What happens on the first day of Parliament in Canada

Shelby Thevenot
Published: November 22, 2021

A new session of Parliament is beginning today, November 22, after pausing for the summer months and to make way for Canada's 44th federal election.

Once Parliament is open, Canadian members of Parliament (MPs) can engage in the making of new laws, and represent their constituents in the House of Commons. There are two things that typically happen before MPs resume their regular duties: the election of a new Speaker, and the throne speech.

The throne speech opens each new session of Parliament, not necessarily just after a general election. It is written by the government, and approved by the prime minister. It outlines the government's view of the issues that affect Canadians, and their vision for the future.

According to the prime minister's office, the throne speech for the 44th Parliament will to discuss the government's plans to "finish the fight against COVID-19 and build a better future for everyone." Tradition dictates that the governor general, Mary Simon, will deliver the speech. Simon was appointed to the position by Prime Minister Justin Trudeau this past summer.

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Among other items, the government will likely also address immigration. Last year's throne speech, hailed immigration as "a driver to Canada's economic growth." The section on immigration also said that the government should make it easier for people who "make sacrifices in support of Canada" to formally become Canadian. In the months that followed, Canada created a one-time immigration pathway for essential workers and international student graduates, despite the fact that the immigration backlog has continued to grow.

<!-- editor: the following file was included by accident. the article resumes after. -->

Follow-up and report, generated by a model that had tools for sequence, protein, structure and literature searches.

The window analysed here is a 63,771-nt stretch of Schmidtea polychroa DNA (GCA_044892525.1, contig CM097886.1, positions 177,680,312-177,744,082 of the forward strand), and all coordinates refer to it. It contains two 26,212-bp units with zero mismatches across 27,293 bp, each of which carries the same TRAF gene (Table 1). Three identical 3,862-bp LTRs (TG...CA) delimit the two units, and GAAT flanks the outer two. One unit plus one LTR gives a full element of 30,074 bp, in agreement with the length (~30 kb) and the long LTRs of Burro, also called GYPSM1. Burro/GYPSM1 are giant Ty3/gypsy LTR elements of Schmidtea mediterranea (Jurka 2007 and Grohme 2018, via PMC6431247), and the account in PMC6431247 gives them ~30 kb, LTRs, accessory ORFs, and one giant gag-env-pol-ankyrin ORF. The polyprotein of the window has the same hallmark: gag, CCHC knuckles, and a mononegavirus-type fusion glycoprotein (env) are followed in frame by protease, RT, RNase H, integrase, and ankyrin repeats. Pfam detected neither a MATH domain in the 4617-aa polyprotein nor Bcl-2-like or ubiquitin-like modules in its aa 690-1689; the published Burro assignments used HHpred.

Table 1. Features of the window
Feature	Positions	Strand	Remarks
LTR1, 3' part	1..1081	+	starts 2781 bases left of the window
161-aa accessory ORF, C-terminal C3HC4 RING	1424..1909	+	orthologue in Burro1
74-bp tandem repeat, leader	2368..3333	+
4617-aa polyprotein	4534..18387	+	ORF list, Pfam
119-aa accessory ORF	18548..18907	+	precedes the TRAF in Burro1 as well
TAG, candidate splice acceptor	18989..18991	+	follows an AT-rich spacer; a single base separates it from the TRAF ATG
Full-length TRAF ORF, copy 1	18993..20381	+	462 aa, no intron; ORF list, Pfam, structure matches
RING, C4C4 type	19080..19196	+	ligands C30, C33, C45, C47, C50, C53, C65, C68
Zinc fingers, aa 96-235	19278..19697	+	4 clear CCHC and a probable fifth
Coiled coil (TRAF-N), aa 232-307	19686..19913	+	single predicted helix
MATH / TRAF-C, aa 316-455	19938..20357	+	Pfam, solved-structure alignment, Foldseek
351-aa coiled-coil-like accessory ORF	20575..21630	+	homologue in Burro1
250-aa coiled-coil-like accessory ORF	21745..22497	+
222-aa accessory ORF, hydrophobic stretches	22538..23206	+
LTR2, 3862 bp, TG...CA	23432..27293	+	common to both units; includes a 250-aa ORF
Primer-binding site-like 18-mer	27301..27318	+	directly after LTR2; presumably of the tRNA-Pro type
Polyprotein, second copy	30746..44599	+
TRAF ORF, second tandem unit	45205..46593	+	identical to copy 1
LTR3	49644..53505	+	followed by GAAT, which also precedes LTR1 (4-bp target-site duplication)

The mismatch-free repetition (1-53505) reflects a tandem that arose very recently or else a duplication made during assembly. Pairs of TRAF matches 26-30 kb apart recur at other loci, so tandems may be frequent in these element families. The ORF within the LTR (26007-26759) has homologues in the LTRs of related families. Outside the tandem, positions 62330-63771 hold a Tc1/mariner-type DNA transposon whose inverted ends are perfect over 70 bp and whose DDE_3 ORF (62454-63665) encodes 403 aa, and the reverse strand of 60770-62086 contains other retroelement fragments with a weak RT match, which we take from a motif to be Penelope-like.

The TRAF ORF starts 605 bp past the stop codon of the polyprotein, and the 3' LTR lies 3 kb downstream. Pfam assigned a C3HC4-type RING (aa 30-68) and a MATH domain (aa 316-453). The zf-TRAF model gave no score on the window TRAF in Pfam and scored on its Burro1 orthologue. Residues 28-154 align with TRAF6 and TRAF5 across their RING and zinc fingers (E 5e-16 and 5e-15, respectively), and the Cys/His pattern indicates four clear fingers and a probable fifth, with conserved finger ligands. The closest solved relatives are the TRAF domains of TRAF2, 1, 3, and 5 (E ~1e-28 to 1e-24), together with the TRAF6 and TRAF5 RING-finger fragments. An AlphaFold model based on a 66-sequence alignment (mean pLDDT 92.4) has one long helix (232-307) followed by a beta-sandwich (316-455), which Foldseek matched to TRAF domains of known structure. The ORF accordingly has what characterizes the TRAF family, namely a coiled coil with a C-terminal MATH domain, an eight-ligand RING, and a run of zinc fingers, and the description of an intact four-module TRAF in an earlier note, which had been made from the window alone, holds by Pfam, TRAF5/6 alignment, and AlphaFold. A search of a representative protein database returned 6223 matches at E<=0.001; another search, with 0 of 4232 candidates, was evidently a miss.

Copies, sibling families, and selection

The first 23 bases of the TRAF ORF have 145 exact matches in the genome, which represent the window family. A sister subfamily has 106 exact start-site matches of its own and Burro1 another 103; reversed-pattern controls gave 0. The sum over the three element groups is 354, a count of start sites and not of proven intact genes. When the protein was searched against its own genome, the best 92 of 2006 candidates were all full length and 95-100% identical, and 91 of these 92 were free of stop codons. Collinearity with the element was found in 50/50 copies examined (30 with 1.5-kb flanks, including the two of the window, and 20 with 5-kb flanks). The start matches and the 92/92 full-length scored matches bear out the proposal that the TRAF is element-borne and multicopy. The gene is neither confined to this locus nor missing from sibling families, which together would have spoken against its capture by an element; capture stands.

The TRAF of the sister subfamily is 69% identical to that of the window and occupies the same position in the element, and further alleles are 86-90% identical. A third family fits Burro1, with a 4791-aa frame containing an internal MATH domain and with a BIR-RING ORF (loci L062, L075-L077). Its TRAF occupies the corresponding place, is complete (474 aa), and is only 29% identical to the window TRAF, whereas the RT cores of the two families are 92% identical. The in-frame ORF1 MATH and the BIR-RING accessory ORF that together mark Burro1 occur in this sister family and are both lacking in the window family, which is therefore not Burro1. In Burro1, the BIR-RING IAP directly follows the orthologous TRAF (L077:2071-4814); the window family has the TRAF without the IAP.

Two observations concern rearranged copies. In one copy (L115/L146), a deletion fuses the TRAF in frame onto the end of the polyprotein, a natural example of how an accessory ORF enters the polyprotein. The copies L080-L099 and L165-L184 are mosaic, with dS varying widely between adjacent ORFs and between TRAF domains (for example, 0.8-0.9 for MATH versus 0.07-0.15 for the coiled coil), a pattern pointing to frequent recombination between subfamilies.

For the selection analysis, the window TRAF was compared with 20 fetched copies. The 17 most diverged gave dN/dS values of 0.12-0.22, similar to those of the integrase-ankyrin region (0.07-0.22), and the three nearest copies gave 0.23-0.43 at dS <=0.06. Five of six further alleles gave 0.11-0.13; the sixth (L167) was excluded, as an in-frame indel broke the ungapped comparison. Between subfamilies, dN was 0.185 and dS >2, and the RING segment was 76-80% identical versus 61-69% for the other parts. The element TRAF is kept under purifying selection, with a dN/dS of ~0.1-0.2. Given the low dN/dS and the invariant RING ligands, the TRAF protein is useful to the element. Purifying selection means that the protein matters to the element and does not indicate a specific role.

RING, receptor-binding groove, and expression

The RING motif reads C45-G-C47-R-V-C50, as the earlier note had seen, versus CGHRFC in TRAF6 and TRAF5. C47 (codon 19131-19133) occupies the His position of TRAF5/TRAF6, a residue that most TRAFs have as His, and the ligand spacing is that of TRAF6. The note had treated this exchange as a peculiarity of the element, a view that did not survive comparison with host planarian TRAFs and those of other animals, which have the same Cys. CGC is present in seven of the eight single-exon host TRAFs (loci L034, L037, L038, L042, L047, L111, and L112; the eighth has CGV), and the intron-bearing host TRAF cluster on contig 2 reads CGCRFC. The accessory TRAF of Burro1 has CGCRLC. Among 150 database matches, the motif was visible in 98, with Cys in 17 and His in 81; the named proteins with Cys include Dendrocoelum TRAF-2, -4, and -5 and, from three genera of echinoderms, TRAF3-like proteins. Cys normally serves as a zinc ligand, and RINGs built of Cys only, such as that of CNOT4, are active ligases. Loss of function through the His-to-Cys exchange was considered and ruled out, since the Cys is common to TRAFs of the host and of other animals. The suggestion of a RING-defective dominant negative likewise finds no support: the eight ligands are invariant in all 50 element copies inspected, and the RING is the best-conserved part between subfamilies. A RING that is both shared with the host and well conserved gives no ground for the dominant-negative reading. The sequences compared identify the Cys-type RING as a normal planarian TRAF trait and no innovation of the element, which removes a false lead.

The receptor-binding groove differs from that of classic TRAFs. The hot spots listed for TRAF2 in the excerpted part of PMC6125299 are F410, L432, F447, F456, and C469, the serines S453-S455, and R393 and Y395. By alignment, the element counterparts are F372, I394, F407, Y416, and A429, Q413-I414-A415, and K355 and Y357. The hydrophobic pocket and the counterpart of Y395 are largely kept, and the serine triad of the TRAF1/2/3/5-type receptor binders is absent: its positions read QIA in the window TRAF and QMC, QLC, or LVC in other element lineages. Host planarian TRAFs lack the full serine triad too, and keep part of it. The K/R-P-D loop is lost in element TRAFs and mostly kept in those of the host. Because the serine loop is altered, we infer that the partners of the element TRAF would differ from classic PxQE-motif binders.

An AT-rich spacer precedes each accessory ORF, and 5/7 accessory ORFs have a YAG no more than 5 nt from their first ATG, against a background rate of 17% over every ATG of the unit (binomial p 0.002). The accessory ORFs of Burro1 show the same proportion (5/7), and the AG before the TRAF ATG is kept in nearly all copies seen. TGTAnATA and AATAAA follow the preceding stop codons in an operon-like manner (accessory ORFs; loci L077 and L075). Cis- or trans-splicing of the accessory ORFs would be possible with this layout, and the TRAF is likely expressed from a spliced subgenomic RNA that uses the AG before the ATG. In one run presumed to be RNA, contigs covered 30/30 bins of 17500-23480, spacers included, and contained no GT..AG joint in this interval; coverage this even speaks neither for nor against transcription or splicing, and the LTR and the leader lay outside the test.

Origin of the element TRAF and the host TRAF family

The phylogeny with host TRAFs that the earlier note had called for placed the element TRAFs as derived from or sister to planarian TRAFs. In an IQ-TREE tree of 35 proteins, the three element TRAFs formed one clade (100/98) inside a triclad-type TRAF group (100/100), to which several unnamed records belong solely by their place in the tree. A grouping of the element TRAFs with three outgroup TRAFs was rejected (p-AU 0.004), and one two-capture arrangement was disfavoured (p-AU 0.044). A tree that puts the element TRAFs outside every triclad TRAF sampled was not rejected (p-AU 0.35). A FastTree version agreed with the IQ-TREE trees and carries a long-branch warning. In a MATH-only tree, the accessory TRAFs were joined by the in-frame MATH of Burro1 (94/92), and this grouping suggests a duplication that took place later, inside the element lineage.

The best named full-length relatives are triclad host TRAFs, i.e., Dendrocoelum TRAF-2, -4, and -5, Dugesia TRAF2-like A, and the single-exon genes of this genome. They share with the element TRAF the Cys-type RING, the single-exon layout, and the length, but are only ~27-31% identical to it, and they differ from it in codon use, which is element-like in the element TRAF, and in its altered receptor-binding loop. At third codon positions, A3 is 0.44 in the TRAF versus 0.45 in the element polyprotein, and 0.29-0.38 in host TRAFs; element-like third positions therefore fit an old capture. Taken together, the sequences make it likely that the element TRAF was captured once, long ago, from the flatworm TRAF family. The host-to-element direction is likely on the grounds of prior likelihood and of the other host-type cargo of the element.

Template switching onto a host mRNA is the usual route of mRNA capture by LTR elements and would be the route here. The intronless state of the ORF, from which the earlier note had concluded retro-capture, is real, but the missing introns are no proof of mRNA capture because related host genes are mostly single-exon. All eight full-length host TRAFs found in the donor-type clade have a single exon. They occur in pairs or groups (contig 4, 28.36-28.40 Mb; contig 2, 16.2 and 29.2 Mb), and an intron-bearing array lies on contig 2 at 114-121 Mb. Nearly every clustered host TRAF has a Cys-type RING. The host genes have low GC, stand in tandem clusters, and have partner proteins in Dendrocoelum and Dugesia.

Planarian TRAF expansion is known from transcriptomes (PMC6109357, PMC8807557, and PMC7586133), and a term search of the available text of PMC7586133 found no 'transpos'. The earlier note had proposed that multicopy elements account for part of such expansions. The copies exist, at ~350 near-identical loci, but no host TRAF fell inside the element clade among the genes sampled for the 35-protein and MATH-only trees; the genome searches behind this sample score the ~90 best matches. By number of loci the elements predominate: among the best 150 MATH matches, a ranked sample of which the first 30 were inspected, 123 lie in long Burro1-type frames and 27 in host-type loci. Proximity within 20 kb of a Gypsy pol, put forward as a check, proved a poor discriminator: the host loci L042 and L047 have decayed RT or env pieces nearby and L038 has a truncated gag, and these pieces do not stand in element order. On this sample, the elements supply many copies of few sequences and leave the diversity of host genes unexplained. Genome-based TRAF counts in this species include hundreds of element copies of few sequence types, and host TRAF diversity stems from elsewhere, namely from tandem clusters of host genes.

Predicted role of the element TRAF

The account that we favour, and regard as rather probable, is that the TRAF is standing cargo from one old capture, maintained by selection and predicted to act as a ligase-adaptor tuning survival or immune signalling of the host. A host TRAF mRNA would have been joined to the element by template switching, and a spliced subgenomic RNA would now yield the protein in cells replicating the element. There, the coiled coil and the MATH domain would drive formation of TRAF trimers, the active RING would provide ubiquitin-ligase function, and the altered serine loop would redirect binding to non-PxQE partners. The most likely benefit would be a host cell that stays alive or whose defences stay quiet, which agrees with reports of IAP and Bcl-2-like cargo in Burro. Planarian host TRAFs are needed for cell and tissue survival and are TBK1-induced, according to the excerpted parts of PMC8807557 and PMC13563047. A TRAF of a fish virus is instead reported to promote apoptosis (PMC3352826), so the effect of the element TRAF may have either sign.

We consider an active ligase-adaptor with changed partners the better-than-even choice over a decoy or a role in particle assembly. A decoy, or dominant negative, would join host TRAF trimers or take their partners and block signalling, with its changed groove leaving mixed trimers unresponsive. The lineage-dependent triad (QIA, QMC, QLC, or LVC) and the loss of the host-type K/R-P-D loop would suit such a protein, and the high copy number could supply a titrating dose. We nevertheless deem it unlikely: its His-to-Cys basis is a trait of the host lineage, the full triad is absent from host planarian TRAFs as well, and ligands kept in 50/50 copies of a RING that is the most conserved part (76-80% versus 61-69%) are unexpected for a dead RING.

The throne speech is meant to be a broad brush of the government's objectives. Specific changes in policy are not likely to come up. More nuance will be added when the government releases the mandate letters to ministers of the Cabinet.

Traditions of the first day in Parliament

Before Parliament can officially begin, the House of Commons must first elect a Speaker. It is the Speaker's job to observe parliamentary rules and maintain order during debates. The previous Speaker of the House was Anthony Rota, the Liberal Party Member of Parliament for Nipissing-Timiskaming, Ontario.

It is tradition that the first day of a new Parliament starts with the ceremonial motions of preparing for the throne speech. Then the Usher of the Black Rod arrives at the House of Commons on behalf of the Senate. The Usher invites the MPs to the Senate Chamber. When they get there, the Speaker of the Senate tells the MPs that they need to choose a Speak of the House of Commons before the Governor General can give the throne speech.

The MPs return to the House of Commons and elect a Speaker by secret ballot. Once the Speaker has been chosen, the prime minister and Official Opposition drag them into their chair. These days, the newly-elected Speaker may feign reluctance, which is a throw back to when the British speakers risked execution if they reported news that displeased the monarch.

After the Speaker is chosen, the MPs go back to the Senate and the Governor General delivers the throne speech, which could happen the following day.

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